Highs and lows are an inevitable part of life.
We all feel on a broad emotional spectrum, and the darker moments have value too: they teach us about ourselves, tell us what we need, and help us to appreciate the light.
While we don't want to shield ourselves from difficult feelings entirely, there are several things we can do to lift ourselves out of a negative spiral, and encourage more positive thinking patterns.
A bad morning doesn't have to mean a bad day, and a bad day doesn't have to become a bad week. Here are five evidence-based ways to boost your mood.
Five steps to a better mood
1. Get moving
When the going gets tough, the tough get moving 🏃♂️
It might be the last thing you feel like doing - but it works! Exercise has been shown to lower stress hormones such as cortisol, as well as releasing endorphins: the brain's natural mood-booster.
Finding the motivation to hit the gym when you're feeling rubbish can be challenging, so we'd recommend making movement part of your everyday routine. This way, on difficult days you'll be one step ahead.
2. Get outside
There's a reason many of us find our mental health plummeting in the winter months.
Research shows that spending time in nature and exposing yourself to sunlight can make a huge difference to your mental health, stimulating feel-good hormones like serotonin.
Try to resist the urge to hibernate from the world when you're feeling low and get some fresh air - even if it's just for ten minutes!
When we feel sad, our impulse is often to retreat from the world, when what we really need is connection.
Spending time with the people we love stimulates oxytocin and serotonin, and helps to alleviate the tension that can build when we keep things bottled up for too long.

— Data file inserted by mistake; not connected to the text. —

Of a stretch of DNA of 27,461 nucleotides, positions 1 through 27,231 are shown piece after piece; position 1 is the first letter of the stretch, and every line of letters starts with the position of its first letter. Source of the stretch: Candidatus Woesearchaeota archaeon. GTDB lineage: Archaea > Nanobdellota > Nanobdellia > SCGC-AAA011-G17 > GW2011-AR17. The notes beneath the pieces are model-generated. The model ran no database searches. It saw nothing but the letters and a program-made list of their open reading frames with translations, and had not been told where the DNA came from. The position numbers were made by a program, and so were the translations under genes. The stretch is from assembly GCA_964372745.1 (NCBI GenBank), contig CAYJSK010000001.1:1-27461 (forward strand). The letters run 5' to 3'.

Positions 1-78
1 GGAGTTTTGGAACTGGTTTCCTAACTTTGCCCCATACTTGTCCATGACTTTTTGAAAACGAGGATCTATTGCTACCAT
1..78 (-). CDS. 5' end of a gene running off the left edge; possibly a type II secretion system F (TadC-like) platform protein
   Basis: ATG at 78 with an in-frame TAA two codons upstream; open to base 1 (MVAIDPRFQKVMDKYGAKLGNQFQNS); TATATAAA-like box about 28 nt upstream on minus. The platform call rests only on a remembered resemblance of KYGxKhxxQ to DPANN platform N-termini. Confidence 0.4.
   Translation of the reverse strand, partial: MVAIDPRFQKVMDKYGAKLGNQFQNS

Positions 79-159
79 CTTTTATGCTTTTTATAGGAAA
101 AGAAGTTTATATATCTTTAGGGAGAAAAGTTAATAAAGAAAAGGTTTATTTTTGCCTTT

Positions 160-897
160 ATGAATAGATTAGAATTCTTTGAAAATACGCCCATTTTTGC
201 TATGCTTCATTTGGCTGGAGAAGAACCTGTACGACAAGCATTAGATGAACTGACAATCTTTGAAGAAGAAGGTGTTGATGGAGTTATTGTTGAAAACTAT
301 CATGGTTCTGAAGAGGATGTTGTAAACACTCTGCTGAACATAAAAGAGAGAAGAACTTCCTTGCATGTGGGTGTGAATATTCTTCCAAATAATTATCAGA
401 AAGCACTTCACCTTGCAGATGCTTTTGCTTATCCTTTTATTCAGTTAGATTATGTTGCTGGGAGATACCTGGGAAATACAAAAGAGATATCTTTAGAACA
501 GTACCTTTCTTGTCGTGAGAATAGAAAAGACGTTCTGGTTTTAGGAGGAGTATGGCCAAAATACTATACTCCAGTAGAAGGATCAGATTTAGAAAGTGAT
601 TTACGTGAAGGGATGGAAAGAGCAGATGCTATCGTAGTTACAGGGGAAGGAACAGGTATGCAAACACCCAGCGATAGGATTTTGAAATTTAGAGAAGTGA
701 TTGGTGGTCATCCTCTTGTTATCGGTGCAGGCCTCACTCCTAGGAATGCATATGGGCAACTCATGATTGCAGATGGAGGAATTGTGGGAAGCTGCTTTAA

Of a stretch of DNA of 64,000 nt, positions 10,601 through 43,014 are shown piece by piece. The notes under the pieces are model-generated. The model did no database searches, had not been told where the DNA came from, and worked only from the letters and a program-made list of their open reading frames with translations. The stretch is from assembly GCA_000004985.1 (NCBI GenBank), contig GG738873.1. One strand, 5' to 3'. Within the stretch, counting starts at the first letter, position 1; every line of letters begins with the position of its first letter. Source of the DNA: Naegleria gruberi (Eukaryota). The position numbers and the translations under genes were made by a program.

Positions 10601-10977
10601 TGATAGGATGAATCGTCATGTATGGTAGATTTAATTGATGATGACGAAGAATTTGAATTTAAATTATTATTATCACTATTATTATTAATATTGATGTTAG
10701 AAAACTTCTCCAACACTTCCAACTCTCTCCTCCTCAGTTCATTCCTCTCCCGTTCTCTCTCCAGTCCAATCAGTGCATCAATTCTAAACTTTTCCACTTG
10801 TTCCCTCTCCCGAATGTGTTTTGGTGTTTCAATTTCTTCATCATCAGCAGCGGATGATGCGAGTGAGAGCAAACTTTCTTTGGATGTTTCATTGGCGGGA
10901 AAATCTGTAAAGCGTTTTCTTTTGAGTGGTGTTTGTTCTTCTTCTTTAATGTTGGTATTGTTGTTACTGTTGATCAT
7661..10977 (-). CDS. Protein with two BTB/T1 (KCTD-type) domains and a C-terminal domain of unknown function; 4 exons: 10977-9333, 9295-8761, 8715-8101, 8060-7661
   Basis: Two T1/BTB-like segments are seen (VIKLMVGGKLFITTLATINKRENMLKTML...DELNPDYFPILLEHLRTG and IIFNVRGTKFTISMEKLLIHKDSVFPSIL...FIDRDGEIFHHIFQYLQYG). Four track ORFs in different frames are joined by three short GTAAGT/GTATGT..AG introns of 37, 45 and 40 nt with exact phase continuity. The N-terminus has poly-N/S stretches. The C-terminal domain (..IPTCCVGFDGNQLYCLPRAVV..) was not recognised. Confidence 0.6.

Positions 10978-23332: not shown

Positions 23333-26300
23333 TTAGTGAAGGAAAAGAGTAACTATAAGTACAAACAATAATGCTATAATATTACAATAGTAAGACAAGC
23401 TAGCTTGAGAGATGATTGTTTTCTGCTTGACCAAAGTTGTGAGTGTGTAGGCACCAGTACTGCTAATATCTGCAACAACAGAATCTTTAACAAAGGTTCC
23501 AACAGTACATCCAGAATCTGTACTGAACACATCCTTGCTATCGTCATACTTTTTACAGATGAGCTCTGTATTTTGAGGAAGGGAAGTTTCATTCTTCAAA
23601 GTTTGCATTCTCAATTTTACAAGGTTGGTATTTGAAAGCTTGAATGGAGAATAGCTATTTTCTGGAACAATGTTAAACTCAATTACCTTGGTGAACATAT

So even if it you really don't feel like it: seek out connection. Pick up the phone, invite someone over, or go and sit in a communal space. Even if you don't have words for what you're feeling or why, sitting alongside someone you trust will help to get you out of your head and feel a little bit less alone.
4. Self-soothe with your senses
When we feel overwhelmed, we can use our senses to bring us back into the moment and find comfort. Try watching a candle burn, drinking some herbal tea, wrapping up in a soft blanket or listening to relaxing music.
Check out this Instagram post for more on self-soothing with the senses.
'Fake it til you make it' doesn't just apply to confidence: it can help you feel happier too.
Research shows that the act of smiling can actually trick your brain into feeling happy.
When you smile, your brain releases something called neuropeptides which help to fight off stress, and increases levels of dopamine and serotonin in the body.
So next time you feel low, practice opposite action and see what it feels like to smile. (Putting on your favourite comedy or an upbeat Spotify playlist should have the same effect!)
Need help boosting your mood? Jump into the MindLabs app and try one of these classes...